Semantics aside, your general point that chemotrophs evolved prior to phototrophs is correct.
 
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  • #6
Ygggdrasil,

You're right, I was confused on the nomenclature. Thanks for setting me straight.
 
  • #7
Thanks for the replies, guys.

I'm trying to decide what area of Biology to pursue, what does this fall under? Evolutionary and Ecology?
 
  • #8
I'm interested in this stuff too. I met a scientist this summer that studies methanogenic archea. It looked cool he had to keep his cultures in no oxygen air. I would classify this as microbial ecology, ecological theory, with a little of evolution thrown in.
 

What are autotrophs?

Autotrophs are organisms that are able to produce their own food using energy from the sun or inorganic substances. They are also known as producers in a food chain or food web.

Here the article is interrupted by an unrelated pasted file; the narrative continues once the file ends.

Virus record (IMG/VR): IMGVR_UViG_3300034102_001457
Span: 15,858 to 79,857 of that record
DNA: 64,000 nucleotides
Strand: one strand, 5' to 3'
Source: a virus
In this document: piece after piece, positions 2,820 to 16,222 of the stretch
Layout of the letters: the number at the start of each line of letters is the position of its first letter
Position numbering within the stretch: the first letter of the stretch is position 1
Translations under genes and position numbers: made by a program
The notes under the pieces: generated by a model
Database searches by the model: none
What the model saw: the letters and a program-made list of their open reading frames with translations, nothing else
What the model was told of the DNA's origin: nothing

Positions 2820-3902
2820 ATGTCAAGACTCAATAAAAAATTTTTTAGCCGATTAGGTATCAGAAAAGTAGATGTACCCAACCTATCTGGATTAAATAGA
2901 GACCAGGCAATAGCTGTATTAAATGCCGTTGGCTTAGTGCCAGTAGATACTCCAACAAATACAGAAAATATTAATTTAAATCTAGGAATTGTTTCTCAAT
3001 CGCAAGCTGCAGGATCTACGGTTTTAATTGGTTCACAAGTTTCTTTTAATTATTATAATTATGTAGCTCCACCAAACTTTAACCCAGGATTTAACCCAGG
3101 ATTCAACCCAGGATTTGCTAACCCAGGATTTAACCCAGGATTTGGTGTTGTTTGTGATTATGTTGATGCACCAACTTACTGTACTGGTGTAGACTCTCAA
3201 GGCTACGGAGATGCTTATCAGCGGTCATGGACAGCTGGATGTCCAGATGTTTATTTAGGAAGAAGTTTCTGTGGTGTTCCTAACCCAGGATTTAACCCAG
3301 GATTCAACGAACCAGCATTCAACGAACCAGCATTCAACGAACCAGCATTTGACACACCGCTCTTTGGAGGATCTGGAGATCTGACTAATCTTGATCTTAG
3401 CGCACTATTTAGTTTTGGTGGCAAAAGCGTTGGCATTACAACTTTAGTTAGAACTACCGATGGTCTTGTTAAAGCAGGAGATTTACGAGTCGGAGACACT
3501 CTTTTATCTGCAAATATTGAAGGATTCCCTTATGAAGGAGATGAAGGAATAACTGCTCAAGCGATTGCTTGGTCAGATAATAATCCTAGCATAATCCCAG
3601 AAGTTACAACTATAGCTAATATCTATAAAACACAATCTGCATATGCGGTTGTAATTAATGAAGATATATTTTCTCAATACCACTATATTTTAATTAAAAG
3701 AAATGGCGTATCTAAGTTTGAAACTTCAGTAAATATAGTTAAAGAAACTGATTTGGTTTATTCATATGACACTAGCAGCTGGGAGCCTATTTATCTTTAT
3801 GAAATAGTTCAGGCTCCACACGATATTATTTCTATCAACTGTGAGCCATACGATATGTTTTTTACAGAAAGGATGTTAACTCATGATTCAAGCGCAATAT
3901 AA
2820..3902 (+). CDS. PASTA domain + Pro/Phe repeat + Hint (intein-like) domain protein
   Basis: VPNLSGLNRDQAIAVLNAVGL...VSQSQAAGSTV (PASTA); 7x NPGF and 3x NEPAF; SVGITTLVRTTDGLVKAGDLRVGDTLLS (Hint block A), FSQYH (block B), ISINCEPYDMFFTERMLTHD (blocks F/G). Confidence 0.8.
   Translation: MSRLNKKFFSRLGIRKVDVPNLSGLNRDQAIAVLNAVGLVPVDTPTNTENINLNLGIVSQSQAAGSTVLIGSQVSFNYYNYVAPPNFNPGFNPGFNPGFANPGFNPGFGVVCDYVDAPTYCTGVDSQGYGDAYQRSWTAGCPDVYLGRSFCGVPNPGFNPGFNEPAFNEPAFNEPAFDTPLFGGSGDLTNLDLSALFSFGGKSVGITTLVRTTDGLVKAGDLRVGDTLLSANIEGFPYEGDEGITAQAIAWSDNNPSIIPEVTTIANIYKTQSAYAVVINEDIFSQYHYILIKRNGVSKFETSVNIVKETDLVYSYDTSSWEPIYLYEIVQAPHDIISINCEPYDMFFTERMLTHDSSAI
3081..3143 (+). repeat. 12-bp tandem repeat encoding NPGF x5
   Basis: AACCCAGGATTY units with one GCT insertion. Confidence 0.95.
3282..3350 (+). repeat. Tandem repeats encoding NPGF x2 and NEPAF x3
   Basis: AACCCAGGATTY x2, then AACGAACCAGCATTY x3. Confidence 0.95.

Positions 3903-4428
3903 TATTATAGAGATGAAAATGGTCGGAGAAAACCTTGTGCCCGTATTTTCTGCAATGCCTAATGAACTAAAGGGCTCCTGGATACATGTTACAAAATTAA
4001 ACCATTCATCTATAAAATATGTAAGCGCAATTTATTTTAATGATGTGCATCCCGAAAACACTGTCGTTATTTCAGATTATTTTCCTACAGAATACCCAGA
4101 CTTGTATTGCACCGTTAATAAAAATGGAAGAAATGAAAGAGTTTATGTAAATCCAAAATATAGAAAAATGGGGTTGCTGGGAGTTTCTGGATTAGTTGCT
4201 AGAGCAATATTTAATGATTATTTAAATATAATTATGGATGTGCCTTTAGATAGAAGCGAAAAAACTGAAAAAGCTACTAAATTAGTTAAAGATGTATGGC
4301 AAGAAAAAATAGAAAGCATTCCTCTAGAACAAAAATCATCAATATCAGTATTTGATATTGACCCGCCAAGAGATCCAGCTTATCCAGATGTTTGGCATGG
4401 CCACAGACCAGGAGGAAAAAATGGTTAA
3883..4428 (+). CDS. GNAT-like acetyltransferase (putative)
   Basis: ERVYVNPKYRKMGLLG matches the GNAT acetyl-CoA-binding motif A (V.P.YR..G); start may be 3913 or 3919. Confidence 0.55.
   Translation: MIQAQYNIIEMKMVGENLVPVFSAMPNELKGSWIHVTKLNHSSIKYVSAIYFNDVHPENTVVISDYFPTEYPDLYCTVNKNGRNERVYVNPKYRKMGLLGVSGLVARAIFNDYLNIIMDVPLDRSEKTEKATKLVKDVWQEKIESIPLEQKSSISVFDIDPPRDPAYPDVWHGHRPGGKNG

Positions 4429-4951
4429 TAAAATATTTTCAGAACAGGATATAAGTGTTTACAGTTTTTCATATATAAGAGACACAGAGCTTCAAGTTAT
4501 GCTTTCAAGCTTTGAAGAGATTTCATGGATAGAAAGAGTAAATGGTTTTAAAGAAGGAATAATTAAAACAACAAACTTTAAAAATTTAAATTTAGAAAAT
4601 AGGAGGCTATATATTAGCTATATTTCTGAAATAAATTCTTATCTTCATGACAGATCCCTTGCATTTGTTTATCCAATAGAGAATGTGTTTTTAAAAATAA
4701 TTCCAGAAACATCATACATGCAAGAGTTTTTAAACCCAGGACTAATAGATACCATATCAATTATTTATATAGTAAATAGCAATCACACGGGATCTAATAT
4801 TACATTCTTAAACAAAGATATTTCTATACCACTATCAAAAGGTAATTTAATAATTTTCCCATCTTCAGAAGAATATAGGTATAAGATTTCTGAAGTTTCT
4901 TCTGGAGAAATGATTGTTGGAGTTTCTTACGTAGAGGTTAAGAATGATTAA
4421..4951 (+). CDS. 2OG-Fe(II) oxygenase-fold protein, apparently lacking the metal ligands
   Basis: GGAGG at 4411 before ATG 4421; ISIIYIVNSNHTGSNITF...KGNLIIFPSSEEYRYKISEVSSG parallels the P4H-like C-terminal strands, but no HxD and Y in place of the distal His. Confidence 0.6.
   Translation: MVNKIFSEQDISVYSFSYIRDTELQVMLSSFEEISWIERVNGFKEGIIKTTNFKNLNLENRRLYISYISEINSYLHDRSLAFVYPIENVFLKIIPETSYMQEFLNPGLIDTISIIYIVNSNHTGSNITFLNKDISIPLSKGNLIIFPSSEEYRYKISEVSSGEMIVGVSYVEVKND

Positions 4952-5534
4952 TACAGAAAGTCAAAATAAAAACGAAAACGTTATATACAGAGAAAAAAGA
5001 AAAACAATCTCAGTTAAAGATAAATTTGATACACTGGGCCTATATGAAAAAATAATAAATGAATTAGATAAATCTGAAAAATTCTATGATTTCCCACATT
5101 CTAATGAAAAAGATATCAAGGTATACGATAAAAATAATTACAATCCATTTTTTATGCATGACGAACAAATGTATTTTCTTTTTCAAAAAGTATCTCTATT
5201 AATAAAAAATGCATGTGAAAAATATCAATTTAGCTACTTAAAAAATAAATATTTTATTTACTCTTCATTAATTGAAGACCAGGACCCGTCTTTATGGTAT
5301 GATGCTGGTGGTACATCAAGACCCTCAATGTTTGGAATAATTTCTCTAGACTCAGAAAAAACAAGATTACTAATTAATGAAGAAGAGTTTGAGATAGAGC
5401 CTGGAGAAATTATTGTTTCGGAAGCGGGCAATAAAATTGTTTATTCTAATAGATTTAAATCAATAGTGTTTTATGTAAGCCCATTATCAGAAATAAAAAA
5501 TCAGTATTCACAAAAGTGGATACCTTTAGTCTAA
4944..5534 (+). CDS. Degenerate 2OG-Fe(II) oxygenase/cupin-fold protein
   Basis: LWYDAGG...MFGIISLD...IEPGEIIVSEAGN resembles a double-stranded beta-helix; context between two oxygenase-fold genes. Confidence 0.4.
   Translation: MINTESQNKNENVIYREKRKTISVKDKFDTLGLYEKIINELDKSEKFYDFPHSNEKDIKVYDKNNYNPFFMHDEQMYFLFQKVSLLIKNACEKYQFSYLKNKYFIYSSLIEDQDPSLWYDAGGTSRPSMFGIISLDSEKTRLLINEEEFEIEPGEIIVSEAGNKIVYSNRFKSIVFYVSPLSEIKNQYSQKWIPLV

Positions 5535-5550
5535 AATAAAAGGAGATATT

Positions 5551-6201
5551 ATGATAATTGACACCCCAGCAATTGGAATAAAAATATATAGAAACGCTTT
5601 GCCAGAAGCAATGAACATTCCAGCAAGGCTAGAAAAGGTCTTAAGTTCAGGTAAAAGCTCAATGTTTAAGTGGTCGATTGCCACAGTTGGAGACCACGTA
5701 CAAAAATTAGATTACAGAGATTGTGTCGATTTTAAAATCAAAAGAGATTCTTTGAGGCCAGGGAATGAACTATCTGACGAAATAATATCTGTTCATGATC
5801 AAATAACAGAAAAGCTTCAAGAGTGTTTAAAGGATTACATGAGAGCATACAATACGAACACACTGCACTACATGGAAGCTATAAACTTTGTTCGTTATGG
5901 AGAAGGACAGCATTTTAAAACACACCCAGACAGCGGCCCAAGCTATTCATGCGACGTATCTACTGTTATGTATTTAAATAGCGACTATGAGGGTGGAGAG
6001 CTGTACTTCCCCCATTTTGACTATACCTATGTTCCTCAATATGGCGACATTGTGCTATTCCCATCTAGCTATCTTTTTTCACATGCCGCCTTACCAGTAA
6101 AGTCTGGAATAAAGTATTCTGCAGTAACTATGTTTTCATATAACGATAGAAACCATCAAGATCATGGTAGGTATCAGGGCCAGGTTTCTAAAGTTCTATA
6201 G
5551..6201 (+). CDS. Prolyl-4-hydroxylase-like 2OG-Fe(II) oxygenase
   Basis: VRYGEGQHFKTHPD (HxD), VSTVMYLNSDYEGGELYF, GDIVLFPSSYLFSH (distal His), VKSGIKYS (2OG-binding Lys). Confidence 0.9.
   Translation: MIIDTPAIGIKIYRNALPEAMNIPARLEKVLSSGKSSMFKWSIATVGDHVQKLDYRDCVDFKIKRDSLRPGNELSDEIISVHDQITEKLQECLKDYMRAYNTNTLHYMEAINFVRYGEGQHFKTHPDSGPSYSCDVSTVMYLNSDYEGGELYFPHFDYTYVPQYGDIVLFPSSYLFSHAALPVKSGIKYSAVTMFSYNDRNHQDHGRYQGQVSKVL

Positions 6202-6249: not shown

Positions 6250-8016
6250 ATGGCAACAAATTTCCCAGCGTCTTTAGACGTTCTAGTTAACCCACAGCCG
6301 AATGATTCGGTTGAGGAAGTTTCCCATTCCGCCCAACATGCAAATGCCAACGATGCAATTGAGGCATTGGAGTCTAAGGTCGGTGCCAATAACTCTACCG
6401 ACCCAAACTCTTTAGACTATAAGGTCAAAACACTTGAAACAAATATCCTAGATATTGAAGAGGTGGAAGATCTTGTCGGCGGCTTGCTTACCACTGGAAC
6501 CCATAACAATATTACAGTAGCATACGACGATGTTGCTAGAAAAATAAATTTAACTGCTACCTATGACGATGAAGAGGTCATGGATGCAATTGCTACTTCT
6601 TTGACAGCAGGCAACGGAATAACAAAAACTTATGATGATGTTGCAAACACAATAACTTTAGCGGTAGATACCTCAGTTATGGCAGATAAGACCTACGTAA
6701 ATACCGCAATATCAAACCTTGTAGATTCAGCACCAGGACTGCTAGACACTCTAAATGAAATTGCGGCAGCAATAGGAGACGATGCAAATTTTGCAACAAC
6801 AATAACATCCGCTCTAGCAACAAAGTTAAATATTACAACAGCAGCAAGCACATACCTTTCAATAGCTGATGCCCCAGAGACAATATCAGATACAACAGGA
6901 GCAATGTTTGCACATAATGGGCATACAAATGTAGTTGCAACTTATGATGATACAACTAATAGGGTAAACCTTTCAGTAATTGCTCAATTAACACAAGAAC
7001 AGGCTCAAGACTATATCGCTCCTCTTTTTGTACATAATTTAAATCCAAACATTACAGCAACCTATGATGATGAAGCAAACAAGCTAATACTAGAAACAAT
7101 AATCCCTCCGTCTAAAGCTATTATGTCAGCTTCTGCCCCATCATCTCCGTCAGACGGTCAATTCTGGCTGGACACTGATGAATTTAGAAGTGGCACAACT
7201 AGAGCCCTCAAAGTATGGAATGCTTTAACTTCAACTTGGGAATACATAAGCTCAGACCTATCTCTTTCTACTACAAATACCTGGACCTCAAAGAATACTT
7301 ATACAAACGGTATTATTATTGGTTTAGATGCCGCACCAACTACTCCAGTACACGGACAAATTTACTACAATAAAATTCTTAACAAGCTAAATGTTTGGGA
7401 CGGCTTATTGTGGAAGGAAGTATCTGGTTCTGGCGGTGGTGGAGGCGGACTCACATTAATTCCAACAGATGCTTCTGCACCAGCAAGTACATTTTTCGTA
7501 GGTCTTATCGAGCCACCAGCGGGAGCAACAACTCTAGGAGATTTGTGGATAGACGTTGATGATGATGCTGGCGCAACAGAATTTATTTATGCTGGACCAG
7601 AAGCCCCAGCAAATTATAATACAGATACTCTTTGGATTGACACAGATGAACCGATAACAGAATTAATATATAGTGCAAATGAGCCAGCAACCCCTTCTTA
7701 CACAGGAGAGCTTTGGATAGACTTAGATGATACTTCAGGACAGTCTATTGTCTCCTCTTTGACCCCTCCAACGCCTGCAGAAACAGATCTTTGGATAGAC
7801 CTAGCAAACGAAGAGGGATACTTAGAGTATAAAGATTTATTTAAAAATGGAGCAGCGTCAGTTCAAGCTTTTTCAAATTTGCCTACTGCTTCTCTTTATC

What are the different types of autotrophs?

The two main types of autotrophs are photoautotrophs and chemoautotrophs. Photoautotrophs use energy from sunlight to produce their own food, while chemoautotrophs use energy from inorganic chemicals to create food.

What is the importance of autotrophs in the ecosystem?

Autotrophs play a crucial role in the ecosystem by providing a source of energy for all other organisms. They are the base of the food chain and without them, other organisms would not have a source of food and energy.

How do autotrophs reproduce?

Autotrophs reproduce through a process called photosynthesis, where they use sunlight, water, and carbon dioxide to produce glucose and oxygen. Some autotrophs also reproduce through binary fission, where they divide into two identical cells.

What are some examples of autotrophs?

Some examples of autotrophs include plants, algae, and some bacteria. These organisms are able to produce their own food and sustain themselves without relying on other organisms for energy.